As we write this career description in late 2009, we are in a period of unusual turbulence in the hedge fund world. Due to the financial crisis many hedge funds have shut down and undoubtedly more closures are to come. But, like the landscape after a forest fire it turns out that many trees are still left standing and stronger. And, lots of new plants, bushes and trees are on the way. Hedge funds are here to stay and will, in fact, probably rise to new heights before long. The reason is that opportunities for alpha are out there and there is no better time than the present to exploit those opportunities.

A hedge fund career is considered one of the most desirable paths in the finance field – although some working in these funds might wonder why. While the senior fund managers pull down a huge share of the compensation, a newly minted MBA does not start at a hedge fund managing his or her own pool of money. Depending on the size and structure of the hedge fund, there may be many (or few) other positions they might take, some of which can also eventually involve steep compensation. These include working at a hedge fund as a junior trader; strategist; analyst; quant; software developer; risk manager; and in various administrative roles. As in most financial institutions, the closer you are to the money, the more of it you get to take home. In other words, the jobs in which you can easily and directly measure the profit due to your performance – and for which that number is large – tend to be the most highly compensated.

Interestingly, a review of the placement reports of a few schools like Chicago, Columbia, Harvard Business School and Stanford will show that there was a fair bit of MBA hiring into hedge funds in 2007 and 2008. This hiring will undoubtedly decline for the classes of 2009/2010 but there is still plenty of opportunity to be had.

The typical hedge fund will have an internal recruiter or two or, if small, will use an external recruiter. Only the very biggest places will show up with any regularity for university recruiting – this might be seen with a Citadel or Maverick. This is a classic area in which to pursue a self directed job search. You need to get out and hit the pavement and meet people in the industry and look for openings. The openings aren’t necessarily scheduled on an annual cycle but tend to occur in real time when a fund is taking in more capital or experiencing strong returns. You’ll maximize your chances of finding a good position by pursuing funds that are doing well. To make the search process more interesting, there are thousands of hedge funds. This is a gigantic and somewhat disorganized industry. The result is an inefficient job market that you can exploit by putting in the time to make connections with potential hiring managers.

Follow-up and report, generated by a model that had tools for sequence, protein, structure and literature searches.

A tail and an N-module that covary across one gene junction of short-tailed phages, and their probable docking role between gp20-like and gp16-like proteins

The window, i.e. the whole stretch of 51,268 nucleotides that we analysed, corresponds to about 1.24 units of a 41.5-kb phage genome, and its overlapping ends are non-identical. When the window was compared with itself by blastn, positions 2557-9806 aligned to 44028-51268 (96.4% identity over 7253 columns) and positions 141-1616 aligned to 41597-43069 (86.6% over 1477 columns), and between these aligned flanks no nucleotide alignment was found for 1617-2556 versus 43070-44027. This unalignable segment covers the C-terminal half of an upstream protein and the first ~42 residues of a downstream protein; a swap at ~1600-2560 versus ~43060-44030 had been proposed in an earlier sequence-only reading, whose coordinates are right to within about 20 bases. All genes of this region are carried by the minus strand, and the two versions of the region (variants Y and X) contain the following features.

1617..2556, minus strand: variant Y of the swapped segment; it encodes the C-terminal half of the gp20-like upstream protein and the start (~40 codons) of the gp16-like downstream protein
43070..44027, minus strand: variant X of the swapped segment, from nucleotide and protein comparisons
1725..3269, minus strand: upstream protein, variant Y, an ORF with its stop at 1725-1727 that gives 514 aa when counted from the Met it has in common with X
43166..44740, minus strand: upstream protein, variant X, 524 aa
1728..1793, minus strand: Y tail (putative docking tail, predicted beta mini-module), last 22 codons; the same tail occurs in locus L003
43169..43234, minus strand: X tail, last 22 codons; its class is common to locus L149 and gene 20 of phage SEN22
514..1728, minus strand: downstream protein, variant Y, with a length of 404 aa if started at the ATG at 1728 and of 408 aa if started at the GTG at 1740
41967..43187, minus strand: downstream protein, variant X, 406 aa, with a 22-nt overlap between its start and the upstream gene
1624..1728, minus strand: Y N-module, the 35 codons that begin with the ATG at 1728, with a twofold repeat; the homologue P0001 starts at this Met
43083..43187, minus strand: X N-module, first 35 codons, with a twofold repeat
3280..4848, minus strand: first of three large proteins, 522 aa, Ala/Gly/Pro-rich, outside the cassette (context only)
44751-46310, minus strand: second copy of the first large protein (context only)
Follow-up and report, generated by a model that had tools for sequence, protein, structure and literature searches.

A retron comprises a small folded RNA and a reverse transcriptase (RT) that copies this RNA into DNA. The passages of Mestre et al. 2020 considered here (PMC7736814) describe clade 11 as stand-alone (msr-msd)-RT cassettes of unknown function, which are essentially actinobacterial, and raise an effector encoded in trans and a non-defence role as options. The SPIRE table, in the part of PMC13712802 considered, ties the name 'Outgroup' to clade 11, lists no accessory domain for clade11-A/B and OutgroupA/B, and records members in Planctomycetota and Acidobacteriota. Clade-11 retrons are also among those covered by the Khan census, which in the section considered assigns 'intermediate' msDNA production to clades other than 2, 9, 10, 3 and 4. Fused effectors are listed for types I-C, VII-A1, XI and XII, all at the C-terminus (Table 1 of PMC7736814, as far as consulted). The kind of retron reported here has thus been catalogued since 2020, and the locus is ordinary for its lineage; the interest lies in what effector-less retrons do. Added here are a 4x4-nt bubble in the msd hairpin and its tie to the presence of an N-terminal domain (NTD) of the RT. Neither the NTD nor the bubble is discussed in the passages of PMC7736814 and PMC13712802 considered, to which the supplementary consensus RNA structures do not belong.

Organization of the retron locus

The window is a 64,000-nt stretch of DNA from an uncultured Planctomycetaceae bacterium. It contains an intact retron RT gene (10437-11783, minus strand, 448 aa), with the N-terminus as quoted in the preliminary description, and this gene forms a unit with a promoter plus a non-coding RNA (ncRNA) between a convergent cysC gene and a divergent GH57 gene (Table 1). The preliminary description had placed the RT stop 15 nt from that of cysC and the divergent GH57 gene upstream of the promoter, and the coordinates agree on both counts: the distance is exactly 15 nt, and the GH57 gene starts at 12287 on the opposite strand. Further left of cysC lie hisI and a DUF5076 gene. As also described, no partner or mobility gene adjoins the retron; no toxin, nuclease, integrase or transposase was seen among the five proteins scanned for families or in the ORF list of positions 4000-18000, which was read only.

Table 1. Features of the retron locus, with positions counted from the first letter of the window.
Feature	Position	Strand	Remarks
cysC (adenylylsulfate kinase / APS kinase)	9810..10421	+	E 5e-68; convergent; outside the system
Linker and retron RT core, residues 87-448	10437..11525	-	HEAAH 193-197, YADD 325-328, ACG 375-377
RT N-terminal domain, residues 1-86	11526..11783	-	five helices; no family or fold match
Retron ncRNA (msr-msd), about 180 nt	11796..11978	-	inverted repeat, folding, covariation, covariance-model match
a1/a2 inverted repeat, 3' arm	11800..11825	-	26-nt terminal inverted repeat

The typical hedge fund manager comes out of the sell side – that is, an investment bank. Many persons who learn to trade or analyze securities in a research position on the sell side gravitate towards hedge fund positions in mid-career. And because hedge funds typically have no training programs they like to hire persons who have already learned the ropes of investments in an investment bank or another investment management firm. Key skills in demand are (1) high intelligence, (2) strong domain knowledge, (3) consistency and attention to detail, (4) deep investing and finance knowledge, (5) strong quantitative and legal skills and (6) the ability to dive deep on an investment story.

There is high demand for individuals with specialized skills and advanced degrees – Ph.D’s that know currencies and macroeconomics; M.D.’s that know drugs and devices and can figure out which ones will succeed and which will fail; J.D.s that can tear apart credit agreements or bet on the outcome of merger deals in the antitrust agencies; mathematicians that can build quantitative trading algorithms etc. This is a field that attracts the best and the brightest. The career outcomes are highly variable but the ride can be exhilarating.

Good luck as you contemplate a hedge fund career!

Articles Worth Reading

Books Worth Reading

The World’s Largest Hedge Funds